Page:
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Tags: space | travel | bacteria | earth | risks | contaminate

Scientists: Space Travel Could Bring Alien Organisms to Earth

Scientists: Space Travel Could Bring Alien Organisms to Earth
(Dreamstime)

By    |   Monday, 29 November 2021 12:24 PM

When we make forays into outer space, there is a chance we may bring back something harmful to Earth.

"In the face of increasing space missions (including those intended to return samples to Earth), it is crucial to reduce the risks of biological contamination in both directions," said Anthony Ricciardi, a professor of invasion biology at McGill University in Montreal, according to The Independent

Any invasive species encountered on an alien planet would probably be microbial and resemble bacteria on Earth, he explained. While the likelihood of any extraterrestrial life form traveling through space is low owing to the harsh conditions of interstellar travel, scientists caution that biological invasions have often been devastating for the plants and animals in these systems.

Speaking with Live Science, Ricciardi said: "We argue that planets and moons potentially containing life should be treated as if they were insular systems." Ricciardi's research was published in the journal BioScience.

The team of researchers noted that insular ecosystems that evolve in geographical isolation, like on islands and Australia, are particularly vulnerable to invasive species, because the native wildlife hasn't evolved adaptations to contend with invaders, Live Science reported.

Humanity should focus on the early detection of biological contaminates and make plans for a rapid response.

NASA has had contingencies for biological risks from outer space since the 1960s, but the "new era of space exploration aimed at targeting areas most likely to contain life," create new challenges, Ricciardi said.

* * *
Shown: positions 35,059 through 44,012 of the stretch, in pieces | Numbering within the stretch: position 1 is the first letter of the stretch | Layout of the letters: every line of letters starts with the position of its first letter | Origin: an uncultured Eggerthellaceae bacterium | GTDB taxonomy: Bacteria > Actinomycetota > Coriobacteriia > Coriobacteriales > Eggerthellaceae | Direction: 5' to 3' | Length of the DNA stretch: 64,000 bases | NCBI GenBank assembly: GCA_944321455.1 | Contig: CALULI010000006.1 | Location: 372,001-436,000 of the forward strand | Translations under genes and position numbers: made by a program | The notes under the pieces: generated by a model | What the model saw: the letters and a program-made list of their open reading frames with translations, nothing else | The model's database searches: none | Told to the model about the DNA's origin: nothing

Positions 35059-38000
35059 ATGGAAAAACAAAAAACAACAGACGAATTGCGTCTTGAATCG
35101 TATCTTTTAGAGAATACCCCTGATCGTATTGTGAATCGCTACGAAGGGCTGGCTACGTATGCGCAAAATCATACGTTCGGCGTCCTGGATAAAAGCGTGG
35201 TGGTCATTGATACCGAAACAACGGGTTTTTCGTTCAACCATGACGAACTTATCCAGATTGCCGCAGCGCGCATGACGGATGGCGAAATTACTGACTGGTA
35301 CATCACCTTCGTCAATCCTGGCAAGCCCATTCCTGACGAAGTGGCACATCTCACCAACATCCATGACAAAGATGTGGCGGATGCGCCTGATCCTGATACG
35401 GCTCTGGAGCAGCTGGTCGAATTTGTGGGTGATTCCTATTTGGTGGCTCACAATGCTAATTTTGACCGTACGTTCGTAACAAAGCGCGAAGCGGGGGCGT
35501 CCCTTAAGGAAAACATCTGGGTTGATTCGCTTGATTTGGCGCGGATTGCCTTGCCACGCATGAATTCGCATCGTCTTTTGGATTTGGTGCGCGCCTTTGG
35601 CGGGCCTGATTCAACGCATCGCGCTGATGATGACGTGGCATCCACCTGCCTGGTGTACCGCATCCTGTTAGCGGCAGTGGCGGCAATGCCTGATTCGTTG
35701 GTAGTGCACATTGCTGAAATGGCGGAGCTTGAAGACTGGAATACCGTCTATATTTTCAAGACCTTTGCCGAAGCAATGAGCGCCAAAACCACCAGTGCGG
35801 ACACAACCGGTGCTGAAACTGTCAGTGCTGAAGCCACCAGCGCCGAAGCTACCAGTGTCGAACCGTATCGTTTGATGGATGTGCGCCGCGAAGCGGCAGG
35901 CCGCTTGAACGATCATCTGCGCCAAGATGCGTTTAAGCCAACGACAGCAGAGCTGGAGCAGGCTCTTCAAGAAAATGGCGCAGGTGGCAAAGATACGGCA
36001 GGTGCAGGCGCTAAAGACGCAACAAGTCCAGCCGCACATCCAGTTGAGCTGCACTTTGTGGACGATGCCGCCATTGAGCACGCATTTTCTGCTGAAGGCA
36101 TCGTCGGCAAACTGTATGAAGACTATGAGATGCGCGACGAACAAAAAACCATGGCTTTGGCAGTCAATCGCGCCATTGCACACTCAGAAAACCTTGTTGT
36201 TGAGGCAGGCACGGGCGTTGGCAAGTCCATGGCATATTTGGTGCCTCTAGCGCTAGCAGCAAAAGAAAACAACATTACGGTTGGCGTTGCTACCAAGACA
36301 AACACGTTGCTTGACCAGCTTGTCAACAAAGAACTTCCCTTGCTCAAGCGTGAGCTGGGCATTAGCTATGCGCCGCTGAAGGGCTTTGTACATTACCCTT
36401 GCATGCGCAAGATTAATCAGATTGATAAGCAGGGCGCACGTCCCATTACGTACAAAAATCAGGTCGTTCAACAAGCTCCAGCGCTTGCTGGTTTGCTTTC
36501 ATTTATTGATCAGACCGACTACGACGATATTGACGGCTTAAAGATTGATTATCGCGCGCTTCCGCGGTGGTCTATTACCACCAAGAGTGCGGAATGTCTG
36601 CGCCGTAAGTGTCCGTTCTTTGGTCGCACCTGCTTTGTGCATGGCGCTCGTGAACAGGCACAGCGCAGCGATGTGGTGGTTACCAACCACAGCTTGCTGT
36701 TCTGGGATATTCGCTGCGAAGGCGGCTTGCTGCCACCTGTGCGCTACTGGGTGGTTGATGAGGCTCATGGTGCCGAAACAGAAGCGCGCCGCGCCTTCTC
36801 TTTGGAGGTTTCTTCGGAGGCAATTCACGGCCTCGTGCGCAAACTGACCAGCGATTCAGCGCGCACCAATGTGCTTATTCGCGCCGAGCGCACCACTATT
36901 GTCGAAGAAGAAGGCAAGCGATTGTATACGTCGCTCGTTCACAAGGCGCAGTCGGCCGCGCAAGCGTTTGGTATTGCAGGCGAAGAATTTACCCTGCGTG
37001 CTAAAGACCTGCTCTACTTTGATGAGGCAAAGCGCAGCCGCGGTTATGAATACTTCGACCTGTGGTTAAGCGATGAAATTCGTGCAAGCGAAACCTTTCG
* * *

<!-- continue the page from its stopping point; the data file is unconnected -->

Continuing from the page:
SpaceX, for example, aims to travel to Mars and beyond with its SpaceX Starship program

Biosecurity protocols associated with space travel could be increased, focusing on the early detection of potential biological contaminants and developing plans for a rapid response to detections. 

Space exploration could accelerate contamination, Jennifer Wadsworth, an astrobiologist at Lucerne University of Applied Sciences and Arts in Switzerland, told Live Science.

"The line between exploration and conservation is a thin one," Wadsworth said. "One shouldn't be abandoned at the cost of the other, but both require careful consideration and, most importantly, compliance." 

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SciTech
When we make forays into outer space, there is a chance we may bring back something harmful to Earth. "In the face of increasing space missions - including those intended to return samples to Earth...
space, travel, bacteria, earth, risks, contaminate
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2021-24-29
Monday, 29 November 2021 12:24 PM
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